The traditional symbol of the Incarnandist religion, the anceps was widely adopted sometime during the Middle Ages of Chaos. The symbol represents the duality of the universe and the Supreme Being, between the Infinite and the Finite, and also foreshadow God becoming human. It is also evocative of the esoteric teaching "As within, so without." The anceps can assume one of two positions. With the smaller half-circle turned to one side, it represents the anceps of contemplation, specifically contemplation of the Incarnandus. With the small circular pointed upwards (or atop the greater circle), it represents the militant anceps used by tisbajuma during their campaigns against the Chaos Rulers.
The first Incarnandists were members of the Shenimite Tribe of the Khahonrite people of Jerushabla. They were largely observant Yalists. Some of them were Proto-Incarnandist, that is, they believed that God Universal would somehow come into a mortal, human body.
The Incarnandus is the interpretation into general language of the name of the sacred manifestation of the universe. Incarnandists believe that the physical universe is fallen and cannot be placed on the path to restoration with the divine universe unless the divine universe manifests in the physical universe. This particular manifestation of the divine, what is often called God, is the Incarnandus -- he who must be born.
The present heir to Shaqtirah kath Katima is the Incarnandina. She is the woman foretold to give birth to the next Incarnandina. The succession is to continue until the Incarnandina Ultima or the final Incarnandina who according to Incarnandist prophecy will bear God in human form. The succeeding Incarnandina is the youngest surviving daughter of the Incarnandina.
The living Incarnandina holds immense power in the Incarnandist community. She is thought to have special protection from God and guidance from God about the whole world and particularly the leadership of the Incarnandist community.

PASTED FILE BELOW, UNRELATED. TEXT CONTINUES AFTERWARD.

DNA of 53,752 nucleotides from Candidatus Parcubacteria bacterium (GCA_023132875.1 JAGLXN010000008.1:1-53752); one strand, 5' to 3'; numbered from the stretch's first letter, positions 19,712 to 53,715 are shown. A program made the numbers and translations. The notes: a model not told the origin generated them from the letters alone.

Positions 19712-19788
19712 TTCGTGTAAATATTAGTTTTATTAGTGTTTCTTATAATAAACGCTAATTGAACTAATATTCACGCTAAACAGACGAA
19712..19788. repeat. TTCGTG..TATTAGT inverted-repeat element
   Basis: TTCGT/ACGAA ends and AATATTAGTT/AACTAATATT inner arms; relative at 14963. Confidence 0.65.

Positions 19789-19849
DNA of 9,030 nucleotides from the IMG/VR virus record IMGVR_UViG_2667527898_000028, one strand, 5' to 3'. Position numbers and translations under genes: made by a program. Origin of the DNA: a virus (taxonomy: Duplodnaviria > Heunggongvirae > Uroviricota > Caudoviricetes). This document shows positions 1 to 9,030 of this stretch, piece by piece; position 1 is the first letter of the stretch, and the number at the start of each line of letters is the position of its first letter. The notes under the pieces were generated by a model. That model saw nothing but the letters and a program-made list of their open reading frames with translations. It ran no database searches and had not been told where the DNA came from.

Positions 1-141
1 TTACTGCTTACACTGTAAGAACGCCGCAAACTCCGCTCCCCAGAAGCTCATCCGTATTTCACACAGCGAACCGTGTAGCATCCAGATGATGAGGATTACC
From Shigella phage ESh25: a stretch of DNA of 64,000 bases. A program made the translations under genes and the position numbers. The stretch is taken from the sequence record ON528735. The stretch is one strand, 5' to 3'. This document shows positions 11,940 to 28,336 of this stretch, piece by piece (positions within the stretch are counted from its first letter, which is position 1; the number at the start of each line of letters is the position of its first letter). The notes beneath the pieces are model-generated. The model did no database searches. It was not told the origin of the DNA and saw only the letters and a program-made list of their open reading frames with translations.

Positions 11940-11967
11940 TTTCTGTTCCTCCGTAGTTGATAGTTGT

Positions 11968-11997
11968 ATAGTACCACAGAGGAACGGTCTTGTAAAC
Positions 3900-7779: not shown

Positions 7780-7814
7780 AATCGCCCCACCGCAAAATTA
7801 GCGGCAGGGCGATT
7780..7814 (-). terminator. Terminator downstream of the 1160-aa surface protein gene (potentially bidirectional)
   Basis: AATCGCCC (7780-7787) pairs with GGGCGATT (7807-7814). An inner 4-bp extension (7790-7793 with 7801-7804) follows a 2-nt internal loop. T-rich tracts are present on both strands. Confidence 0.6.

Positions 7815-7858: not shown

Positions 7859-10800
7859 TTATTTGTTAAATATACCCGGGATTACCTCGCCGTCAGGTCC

Principle of Succession
By principles established fairly early in the newly revealed religion, the role of Incarnandina is transmitted to the youngest surviving daughter upon the death of the mother. The daughter's father is irrelevant. If the line is broken, then it reverts to the next youngest daughter and next youngest aunt as necessary.
Ecstatic Union with God
An important practice of Incarnandism is meditation which is thought to purify the soul and in time enable the possibility of ecstatic union with God in a meditative state of mind and spirit.
Conversion to Incarnandism
The early Incarnandists shared their message with other Khahonrites and visitors to their land, garnering a few converts. Before the missions of the Archapostles in the 800's, there was not a strong effort to evangelize the message of Shaqtirah.
The number of non-Khahonrite Incarnandists grew greatly in the 800's and formed the body of Gentile Incarnandists, mainly in Ambrinqua, Ithatia, Corundy, and Pytharnia. The practice of Incarnandism among non-Khahonrite persons is sometimes called 'Vulgar' Incarnandism or 'Popular' Incarnandism. It vied with High Mandonism for disciples, especially in Ambrinqua and Corundy, and later in Pytharnia.
Ancient Arathracian Reaction
The ancient Yophenthean Arathracian rulers of the world took a dim view of the message of Shaqtirah, calling it the Sactirate Heresy. Most missionaries of the Incarnandist Religion were persecuted and martyred by the local magistrates, priests of the Arathracian Religion, or worshipers of the Old Religion.